Trillium Book Awards Author Reading 2015

The Dirty Dozen, with Kathryn Kuitenbrouwer

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Kathryn Kuitenbrouwer

From fighting bears to keeping dark family secrets, the protagonist of All the Broken Things (Random House Canada) by Kathryn Kuitenbrouwer, Bo, is far from a regular teenage boy in 1980s Toronto.

When a carnival worker sees Bo's prowess as a scrappy streetfighter, he brings him into the circus' bear fighting circuit, opening up the narrow world Bo has experience in Toronto's Junction neighbourhood. But when the carnival's owner begins to pursue Bo's disfigured sister for the freakshow, things begin to spin out of control.

Today we are talking to Kathryn as part of our Dirty Dozen series, where authors volunteer twelve quirky and unexpected facts about themselves, taking you behind the book and into their lives. Read on to hear from Kathryn about comforting a ghost, looking in the mirror naked and one persistent suitor.

You can also check out the gorgeous book trailer for All the Broken Things to whet your appetite for the book.

  1. The third dimension causes me grief. In the same way, the real never truly makes sense. It spills over into the unreal and then I can’t tell them apart. It’s like when you look at a word for a long time and it stops meaning anything. Like the word “the” —
  2. Similarly, whenever I see a ghost, I repress the fact I’ve seen it. I say something like, “It’s a subliminal accretion of history impinging on my psyche.” I say, “It’s not a sad child sitting on the stairs to the third floor; it’s a memory.” And in this way, the word “ghost” becomes the word “spectral,” which is less fearsome, because it’s not true.
  3. My mother says, “You’ve always been funny.” But I remember drawing elaborate cartoons with all kinds of captions on them, such that I myself would laugh and laugh, but not one of the adults would “get” them.
  4. Once, waiting at the end of a country laneway to be fetched from an art lesson, when I was maybe six of seven years old, a fresh oil painting of a verandah in my hand, I heard, deep in the bush, the drumming and chanting of the Indians. They sounded exactly as you would imagine them to sound. Unreal.
  5. The little girl on the stairs conveyed to me, without saying anything, that she was sad to have died. Every time I went up or down the stairs, I whispered, “It’s okay, it’s okay, it’s okay.”
  6. That was the second house in Toronto, the one in which, after eighteen years of living in the city, I finally was able to write a story set in Toronto. Understanding space is such a challenge for me. It takes me a long time to know where I am.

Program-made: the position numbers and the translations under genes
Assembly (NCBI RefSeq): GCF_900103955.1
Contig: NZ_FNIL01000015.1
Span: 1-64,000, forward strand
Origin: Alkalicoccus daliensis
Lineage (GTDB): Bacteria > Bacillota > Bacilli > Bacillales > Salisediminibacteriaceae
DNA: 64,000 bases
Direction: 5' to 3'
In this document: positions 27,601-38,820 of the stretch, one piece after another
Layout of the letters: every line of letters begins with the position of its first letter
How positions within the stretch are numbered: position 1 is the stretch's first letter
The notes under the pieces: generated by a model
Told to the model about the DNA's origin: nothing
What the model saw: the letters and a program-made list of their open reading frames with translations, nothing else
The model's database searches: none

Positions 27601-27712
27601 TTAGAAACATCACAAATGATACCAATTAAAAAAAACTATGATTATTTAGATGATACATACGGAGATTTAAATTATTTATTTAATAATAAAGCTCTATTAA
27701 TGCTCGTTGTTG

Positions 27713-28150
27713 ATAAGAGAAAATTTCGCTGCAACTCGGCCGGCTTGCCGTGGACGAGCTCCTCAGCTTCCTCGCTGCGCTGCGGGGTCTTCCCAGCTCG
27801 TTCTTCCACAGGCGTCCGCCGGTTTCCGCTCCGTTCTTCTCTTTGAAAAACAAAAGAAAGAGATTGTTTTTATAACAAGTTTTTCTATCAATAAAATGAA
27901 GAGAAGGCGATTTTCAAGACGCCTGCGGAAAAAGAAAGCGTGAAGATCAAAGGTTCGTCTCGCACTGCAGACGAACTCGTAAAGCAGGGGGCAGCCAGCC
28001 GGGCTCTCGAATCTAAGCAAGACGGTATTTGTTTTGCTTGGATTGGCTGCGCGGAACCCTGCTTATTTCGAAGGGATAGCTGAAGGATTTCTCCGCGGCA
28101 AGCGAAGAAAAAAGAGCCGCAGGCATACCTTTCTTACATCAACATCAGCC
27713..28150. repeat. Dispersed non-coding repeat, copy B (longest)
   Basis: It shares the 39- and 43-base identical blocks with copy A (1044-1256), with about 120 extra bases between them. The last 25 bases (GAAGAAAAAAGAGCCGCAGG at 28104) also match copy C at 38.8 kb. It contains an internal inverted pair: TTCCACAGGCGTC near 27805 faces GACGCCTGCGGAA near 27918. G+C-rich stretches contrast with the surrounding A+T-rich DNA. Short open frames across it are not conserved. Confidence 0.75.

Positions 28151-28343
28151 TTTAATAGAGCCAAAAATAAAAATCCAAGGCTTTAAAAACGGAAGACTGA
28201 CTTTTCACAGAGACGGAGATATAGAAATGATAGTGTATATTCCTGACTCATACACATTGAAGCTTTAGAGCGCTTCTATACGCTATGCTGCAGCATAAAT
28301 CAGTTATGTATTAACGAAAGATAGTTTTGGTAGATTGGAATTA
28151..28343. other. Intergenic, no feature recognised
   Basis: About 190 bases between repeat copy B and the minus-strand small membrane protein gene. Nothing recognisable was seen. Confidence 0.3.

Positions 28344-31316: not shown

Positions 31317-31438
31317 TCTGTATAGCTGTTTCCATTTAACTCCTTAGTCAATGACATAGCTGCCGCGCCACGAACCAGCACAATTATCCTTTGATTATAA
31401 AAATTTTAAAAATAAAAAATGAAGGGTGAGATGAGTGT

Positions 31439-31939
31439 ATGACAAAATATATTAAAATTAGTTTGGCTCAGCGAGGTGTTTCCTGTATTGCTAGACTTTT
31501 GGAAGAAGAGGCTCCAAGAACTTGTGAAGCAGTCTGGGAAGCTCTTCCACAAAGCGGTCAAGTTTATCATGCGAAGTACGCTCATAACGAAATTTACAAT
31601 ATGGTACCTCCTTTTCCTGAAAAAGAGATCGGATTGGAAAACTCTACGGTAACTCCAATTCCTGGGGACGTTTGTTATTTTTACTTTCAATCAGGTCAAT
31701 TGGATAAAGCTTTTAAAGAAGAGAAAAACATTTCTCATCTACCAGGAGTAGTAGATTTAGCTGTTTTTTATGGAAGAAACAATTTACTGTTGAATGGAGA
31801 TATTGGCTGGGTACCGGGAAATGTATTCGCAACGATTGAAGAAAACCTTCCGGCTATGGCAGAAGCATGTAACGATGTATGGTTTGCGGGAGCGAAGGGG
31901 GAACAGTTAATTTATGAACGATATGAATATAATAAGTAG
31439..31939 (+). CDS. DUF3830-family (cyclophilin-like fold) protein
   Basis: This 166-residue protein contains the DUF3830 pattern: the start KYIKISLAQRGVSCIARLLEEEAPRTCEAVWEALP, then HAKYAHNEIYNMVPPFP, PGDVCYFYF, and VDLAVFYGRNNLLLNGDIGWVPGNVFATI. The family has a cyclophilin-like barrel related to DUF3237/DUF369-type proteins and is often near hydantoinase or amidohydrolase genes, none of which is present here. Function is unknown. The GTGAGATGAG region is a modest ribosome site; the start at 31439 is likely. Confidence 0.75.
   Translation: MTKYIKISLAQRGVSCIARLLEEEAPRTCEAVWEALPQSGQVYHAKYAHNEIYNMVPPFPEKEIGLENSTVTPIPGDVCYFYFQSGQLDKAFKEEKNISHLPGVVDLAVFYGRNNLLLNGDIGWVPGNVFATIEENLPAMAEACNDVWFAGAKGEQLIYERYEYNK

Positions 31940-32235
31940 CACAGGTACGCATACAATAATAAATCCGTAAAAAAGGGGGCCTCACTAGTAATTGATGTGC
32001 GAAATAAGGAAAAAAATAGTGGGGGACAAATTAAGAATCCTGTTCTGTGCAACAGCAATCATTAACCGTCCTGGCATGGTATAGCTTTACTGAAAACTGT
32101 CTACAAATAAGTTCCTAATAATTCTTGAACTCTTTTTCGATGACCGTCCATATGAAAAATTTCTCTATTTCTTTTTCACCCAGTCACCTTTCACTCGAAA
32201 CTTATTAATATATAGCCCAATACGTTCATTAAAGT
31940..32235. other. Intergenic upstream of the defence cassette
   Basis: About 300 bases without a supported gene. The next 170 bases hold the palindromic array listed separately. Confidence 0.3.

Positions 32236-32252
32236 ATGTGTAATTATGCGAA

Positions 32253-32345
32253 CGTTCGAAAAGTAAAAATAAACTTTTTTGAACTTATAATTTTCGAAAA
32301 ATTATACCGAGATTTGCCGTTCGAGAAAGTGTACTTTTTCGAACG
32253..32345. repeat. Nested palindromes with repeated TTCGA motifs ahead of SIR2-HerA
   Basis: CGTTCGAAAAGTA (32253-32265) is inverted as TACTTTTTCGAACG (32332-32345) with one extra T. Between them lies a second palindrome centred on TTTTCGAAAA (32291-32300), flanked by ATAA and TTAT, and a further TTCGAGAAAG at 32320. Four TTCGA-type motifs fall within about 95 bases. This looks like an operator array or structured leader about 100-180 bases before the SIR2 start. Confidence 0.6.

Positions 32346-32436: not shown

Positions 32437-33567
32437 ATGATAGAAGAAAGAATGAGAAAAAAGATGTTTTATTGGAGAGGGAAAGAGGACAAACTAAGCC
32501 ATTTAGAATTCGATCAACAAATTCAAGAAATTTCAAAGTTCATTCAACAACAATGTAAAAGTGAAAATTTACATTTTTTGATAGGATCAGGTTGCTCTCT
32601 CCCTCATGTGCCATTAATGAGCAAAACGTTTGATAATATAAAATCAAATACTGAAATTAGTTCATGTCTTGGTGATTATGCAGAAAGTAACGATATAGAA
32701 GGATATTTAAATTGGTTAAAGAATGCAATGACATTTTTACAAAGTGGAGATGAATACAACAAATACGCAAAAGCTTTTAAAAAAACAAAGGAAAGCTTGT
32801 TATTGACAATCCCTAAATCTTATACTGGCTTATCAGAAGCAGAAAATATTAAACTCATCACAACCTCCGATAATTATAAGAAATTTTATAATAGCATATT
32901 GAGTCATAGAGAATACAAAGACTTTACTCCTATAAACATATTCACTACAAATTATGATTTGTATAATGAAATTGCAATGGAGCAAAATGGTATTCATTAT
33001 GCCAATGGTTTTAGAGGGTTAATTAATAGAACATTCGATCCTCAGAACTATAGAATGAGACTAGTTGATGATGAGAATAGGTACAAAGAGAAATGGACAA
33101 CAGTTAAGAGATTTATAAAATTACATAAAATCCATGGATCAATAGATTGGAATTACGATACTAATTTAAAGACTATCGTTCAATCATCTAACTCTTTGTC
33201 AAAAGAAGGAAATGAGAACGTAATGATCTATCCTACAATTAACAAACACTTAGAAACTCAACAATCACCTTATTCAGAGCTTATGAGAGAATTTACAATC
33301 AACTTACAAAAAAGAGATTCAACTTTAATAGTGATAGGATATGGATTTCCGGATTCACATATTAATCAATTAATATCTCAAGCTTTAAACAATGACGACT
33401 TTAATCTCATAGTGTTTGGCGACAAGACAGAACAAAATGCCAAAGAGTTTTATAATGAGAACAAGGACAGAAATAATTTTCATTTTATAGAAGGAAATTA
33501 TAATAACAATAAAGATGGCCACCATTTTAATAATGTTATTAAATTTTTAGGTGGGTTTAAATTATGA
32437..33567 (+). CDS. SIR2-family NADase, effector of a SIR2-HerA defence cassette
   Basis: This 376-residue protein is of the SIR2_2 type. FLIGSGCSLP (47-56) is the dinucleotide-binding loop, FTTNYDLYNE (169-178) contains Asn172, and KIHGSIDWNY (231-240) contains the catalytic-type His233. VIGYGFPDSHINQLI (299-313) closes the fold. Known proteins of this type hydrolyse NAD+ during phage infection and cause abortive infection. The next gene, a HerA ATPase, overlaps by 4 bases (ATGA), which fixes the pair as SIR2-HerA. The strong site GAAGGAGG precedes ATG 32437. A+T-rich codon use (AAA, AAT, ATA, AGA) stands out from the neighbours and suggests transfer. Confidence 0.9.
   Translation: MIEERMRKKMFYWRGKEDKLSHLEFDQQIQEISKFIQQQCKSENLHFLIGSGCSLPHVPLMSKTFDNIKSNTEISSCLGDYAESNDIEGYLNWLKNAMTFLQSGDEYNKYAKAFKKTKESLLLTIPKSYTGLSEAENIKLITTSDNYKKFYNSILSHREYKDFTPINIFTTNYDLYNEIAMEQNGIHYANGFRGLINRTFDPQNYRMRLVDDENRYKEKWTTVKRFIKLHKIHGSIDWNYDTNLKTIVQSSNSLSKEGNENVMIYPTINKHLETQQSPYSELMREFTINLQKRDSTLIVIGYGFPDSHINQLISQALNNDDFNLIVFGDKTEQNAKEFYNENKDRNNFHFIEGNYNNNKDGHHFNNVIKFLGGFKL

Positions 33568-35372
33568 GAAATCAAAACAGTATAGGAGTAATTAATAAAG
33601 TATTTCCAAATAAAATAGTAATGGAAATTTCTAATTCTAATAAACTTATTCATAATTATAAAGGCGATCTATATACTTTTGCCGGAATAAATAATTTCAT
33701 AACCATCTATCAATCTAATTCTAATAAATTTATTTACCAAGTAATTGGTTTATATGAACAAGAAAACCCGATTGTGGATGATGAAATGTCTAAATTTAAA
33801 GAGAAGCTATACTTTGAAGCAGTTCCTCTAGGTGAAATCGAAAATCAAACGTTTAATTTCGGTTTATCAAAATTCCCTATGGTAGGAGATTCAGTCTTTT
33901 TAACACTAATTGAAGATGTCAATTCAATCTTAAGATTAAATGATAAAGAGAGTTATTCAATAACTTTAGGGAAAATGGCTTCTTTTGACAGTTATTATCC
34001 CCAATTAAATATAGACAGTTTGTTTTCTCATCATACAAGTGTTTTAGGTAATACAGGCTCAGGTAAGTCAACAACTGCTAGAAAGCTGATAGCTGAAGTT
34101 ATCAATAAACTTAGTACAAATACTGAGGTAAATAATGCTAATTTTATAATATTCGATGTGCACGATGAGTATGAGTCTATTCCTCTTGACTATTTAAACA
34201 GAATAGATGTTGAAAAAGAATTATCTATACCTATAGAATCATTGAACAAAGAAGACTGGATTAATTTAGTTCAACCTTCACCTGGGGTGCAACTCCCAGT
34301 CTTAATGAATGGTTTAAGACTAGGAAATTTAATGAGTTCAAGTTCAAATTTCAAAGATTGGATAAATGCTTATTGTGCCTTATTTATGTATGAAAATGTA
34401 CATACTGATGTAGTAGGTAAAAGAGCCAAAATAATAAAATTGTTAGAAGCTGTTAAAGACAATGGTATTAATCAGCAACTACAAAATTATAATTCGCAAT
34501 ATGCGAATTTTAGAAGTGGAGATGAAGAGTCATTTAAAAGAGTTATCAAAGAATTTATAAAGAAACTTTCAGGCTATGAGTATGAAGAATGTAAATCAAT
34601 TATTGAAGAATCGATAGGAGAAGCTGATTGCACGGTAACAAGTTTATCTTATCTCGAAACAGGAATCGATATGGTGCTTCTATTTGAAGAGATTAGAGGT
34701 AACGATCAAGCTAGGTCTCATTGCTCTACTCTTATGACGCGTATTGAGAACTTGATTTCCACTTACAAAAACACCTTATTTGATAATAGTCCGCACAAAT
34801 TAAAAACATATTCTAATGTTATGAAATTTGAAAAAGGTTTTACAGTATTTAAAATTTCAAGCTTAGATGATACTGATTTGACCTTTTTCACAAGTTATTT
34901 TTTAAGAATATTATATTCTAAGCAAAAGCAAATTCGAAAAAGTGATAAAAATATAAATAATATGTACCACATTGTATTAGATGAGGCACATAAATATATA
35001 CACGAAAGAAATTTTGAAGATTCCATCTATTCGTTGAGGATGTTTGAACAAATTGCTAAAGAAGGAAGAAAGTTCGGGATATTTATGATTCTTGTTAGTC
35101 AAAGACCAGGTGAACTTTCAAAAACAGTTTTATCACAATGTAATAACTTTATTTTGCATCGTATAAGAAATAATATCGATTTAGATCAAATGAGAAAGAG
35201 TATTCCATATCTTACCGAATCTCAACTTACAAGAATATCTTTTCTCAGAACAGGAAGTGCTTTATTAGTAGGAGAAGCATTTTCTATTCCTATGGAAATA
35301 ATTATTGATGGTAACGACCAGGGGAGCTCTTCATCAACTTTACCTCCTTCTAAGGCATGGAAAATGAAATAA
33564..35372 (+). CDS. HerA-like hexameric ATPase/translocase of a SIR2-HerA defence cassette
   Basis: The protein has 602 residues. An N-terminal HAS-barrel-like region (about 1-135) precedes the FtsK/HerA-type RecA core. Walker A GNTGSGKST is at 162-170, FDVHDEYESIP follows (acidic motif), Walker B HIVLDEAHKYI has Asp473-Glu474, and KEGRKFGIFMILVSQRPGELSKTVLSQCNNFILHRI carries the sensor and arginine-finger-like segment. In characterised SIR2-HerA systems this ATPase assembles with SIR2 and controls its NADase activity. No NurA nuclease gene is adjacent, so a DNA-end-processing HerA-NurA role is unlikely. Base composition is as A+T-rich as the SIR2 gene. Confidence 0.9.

7. I do things to try to fix this problem. Every day, at least once, I look at my naked self in a mirror. Up against the photoshopped beauties, this body and this face constitute an outrageous spectacle. I like them, though. I like the way they alarm me every time again. “No way,” I think. “No freaking way.” Sometimes, I am astounded to even have a body.
  8. In Pakistan, in 1988, a beautiful young man wandered after me through a museum, asking me, over and over, “Are you marriaged?” The artifacts had provocative, useless captions like “a bone” and “old pot.” I still feel badly for lying to the young man. He looked so terribly rejected. I miss him sometimes.
  9. Do you remember Lola popsicles? They were shaped like pyramids. Do you remember when the helicopters hovered over your village? Do you remember grape-flavoured Hostess potato chips? They were purple. Or do you remember when you died way too young? If all the news is real, and if everything that ever happened is real, then the awful thing that happened to you, should also be my awful thing. This is why we have ghosts, I figure. To remind us that we should be kind. We have stories for the same reason. (This is an elliptical way of telling you something about myself. I’m doing my best here; I am.)
  10. The first time I died was in my sleep. It was an old boyfriend shooting me in the head through the front door window. Even when I woke up, this surprised me. I didn’t really think he had liked me all that much.
  11. The world is outrageous to me. It alarms me. I can’t believe anything of it, and so I try to remember that none of it is there for me to believe. It’s there to wonder at, to be enchanted by, to try not to trip over it, and to just bear witness.
  12. My favourite joke these days is the one about the magician who drives down the road and turns into a laneway.

Kathryn Kuitenbrouwer is the author of the novels Perfecting and The Nettle Spinner, which was a finalist for the First Novel Award, and the short-story collection Way Up, which won the Danuta Gleed Award and was a finalist for the ReLit Award. Kuitenbrouwer's short fiction has been published in Granta, The Walrus, Numéro Cinq, Joyland and Storyville. She is an award-winning instructor with the University of Toronto's School of Continuing Studies.

For more information about All the Broken Things please visit the Random House Canada website.

Buy this book at your local independent bookstore or online at Chapters/Indigo or Amazon.

Check out all the Dirty Dozen interviews in our archives.

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